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Using Windows Explorer

In Windows 7, all the items stored on your computer—including programs, documents, and configuration settings—are accessible from Windows Explorer. This is a window that displays all the disk drives, folders, subfolders, and files on your computer system. You use Windows Explorer to find, copy, delete, launch, and even configure programs and documents.

You launch Windows Explorer from either the taskbar or the Start menu. Just click the Windows Explorer icon on the taskbar or select Documents from the Start menu.

Windows Explorer is also used to go directly to various types of documents on your hard drive. For example, when you click the Music icon on the Start menu, you open Windows Explorer looking directly at the open Music folder. When you click the Pictures icon on the Start menu, you open Windows Explorer looking directly at the open Pictures folder. And so forth.

Navigating Windows Explorer

When you open Windows Explorer, you see four icons. These icons let you go directly to all the Documents, Music, Pictures, and Videos stored on your hard drive. Double-click an icon to view the subfolders and files of that type.

On the left side of the Windows Explorer window is a Navigation pane, divided into several sections. The top section, Favorites, lists your most-used folders—Recently Changed, Public, Desktop, Downloads, Network, and Recent Places. Next is the Libraries section, which repeats the four icons in the main window—Documents, Music, Pictures, and Videos. Below that is a Homegroup section, which lets you access other computers on your network HomeGroup. The Computer section lets you access all the disk drives and devices connected to your computer. And the Network section lets you access all of your networked computers. Click any icon in the Navigation pane to view the contents of that item.

Figure 3.14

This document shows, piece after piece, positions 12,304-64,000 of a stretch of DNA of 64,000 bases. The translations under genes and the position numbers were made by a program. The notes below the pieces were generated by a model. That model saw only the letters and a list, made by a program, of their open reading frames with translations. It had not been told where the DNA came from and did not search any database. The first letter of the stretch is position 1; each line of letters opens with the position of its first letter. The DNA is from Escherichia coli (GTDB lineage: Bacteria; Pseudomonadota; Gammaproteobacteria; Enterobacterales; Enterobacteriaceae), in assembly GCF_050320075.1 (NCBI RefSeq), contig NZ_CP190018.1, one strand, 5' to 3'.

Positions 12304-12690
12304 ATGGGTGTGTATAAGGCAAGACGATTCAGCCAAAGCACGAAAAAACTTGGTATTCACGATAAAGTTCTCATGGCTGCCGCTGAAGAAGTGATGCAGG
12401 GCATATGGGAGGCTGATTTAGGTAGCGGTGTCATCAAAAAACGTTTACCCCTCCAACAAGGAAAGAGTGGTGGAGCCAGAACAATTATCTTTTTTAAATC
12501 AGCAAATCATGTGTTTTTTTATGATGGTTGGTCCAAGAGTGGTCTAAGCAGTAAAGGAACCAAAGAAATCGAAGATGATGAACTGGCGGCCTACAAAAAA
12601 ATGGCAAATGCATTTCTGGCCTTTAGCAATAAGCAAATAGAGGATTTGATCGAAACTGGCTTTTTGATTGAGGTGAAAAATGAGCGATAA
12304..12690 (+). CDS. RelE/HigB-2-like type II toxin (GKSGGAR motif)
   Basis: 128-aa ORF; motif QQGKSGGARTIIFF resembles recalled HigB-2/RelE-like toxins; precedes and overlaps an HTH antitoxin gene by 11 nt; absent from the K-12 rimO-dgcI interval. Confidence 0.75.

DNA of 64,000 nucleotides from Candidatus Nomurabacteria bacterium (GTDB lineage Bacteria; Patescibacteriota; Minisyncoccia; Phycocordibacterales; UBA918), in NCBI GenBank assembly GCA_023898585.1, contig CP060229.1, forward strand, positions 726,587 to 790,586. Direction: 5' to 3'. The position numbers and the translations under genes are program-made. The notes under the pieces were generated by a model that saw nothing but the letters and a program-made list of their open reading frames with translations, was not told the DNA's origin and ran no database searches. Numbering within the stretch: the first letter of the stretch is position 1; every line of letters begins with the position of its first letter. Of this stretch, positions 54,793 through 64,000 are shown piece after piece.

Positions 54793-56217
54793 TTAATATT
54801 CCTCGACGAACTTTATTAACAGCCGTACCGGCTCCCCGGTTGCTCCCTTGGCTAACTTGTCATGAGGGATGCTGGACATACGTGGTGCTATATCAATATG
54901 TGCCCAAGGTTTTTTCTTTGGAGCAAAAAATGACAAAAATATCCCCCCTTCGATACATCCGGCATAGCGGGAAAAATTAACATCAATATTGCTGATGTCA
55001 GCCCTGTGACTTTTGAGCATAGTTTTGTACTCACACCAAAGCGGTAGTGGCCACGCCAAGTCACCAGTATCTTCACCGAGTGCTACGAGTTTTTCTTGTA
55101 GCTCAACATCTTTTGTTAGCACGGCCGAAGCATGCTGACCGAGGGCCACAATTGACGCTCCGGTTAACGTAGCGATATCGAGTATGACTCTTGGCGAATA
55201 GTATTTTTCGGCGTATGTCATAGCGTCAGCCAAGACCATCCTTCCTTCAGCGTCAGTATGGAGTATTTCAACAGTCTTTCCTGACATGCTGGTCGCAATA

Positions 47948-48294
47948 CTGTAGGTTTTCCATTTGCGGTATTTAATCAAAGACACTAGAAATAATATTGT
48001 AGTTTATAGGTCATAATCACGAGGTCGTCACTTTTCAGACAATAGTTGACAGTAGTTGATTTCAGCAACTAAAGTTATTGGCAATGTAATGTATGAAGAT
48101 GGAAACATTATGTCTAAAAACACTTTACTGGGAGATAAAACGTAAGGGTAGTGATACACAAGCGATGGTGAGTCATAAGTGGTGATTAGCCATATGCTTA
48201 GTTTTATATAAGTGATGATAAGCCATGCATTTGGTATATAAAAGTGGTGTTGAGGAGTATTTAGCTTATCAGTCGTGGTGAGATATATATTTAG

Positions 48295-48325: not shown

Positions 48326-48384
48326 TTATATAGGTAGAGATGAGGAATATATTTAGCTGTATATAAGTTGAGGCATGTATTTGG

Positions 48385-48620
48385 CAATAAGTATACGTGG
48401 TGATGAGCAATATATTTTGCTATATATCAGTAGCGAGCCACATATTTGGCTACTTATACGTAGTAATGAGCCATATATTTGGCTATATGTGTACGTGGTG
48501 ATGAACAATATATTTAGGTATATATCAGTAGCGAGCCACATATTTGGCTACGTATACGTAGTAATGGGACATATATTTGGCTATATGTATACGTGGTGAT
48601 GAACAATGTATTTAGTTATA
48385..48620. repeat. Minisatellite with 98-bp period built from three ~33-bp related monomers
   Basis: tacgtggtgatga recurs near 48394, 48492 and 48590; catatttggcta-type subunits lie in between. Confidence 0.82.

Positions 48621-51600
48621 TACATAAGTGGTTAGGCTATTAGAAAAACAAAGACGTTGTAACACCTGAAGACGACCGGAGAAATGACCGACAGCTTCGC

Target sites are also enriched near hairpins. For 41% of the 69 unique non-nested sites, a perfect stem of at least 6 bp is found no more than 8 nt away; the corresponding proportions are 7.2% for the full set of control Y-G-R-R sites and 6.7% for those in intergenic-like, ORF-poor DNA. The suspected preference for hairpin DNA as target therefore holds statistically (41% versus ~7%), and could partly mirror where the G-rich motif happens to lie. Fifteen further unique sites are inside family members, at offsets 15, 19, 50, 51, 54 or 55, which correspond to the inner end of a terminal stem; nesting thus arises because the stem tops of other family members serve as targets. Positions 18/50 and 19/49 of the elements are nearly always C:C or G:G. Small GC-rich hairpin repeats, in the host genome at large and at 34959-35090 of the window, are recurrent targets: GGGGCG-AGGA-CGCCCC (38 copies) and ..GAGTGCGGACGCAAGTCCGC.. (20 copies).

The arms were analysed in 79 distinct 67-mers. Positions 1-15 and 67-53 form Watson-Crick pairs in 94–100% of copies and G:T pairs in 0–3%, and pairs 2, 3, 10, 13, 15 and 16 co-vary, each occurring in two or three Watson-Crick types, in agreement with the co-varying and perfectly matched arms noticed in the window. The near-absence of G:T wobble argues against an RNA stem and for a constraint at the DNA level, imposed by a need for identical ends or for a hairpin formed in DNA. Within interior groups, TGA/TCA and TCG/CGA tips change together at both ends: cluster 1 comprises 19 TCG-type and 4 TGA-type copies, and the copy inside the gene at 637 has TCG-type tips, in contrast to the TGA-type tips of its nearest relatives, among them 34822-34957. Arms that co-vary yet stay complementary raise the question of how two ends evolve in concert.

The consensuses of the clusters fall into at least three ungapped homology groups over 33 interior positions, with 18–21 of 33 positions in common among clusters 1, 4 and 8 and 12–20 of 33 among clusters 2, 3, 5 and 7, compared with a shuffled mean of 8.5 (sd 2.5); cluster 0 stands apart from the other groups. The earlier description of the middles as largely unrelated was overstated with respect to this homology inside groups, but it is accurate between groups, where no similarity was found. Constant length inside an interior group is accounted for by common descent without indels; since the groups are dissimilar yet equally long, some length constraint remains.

Figure 3.14 Navigating through your folders and subfolders with Windows Explorer.

Let’s examine how Windows Explorer works. Double-click the Documents icon in the main window (or click the Documents item in the Navigation pane), and you see a window full of folders, such as the one shown in Figure 3.15. Double-click a folder icon to view the contents of that folder—which could be individual files or additional folders (sometimes called subfolders). To launch a program or open a document, double-click that item’s icon. To perform other tasks (copying, deleting, and so forth), right-click the icon and select an option from the pop-up menu.

Figure 3.15

Figure 3.15 Browsing through the folders and files stored on your system with Windows Explorer.

When you want to copy, delete, or otherwise manage files and folders, you use the Organize menu on the Windows Explorer toolbar. This menu includes most of the operations you need to manage your system’s files and folders.

Managing PC Resources with Computer Explorer

Windows 7 includes a special version of Windows Explorer, called Computer Explorer, that you use to access each major component of your system and perform basic maintenance functions. For example, you can use Computer Explorer to “open” the contents of your hard disk and then copy, move, and delete individual files. To open the Computer Explorer, simply click the Computer icon on the Start menu.

As you can see in Figure 3.16, Computer Explorer contains icons for each of the major components of your system—your hard disk drive, external drives, CD-ROM or DVD drive, and so on. To view the contents of a specific drive, simply double-click the icon for that drive. You’ll see a list of folders and files located on that drive; to view the contents of any folder, just double-click the icon for that folder.

Figure 3.16

Figure 3.16 Use Computer Explorer to manage your hard drive and other key components.

Managing Windows with the Control Panel

There’s one more variation of Windows Explorer, similar to Computer Explorer, that you need to know about. This Explorer, called the Control Panel, is used to manage most of Windows’ configuration settings. To open the Control Panel, click the Control Panel icon on the Start menu.

When the Control Panel opens, as shown in Figure 3.17, you can select a particular category you want to configure. Each item you select opens a window with a different set of options; just keep clicking until you find the specific item you want to configure.

Figure 3.17

Figure 3.17 The Windows 7 Control Panel—configuration tasks are organized by category.

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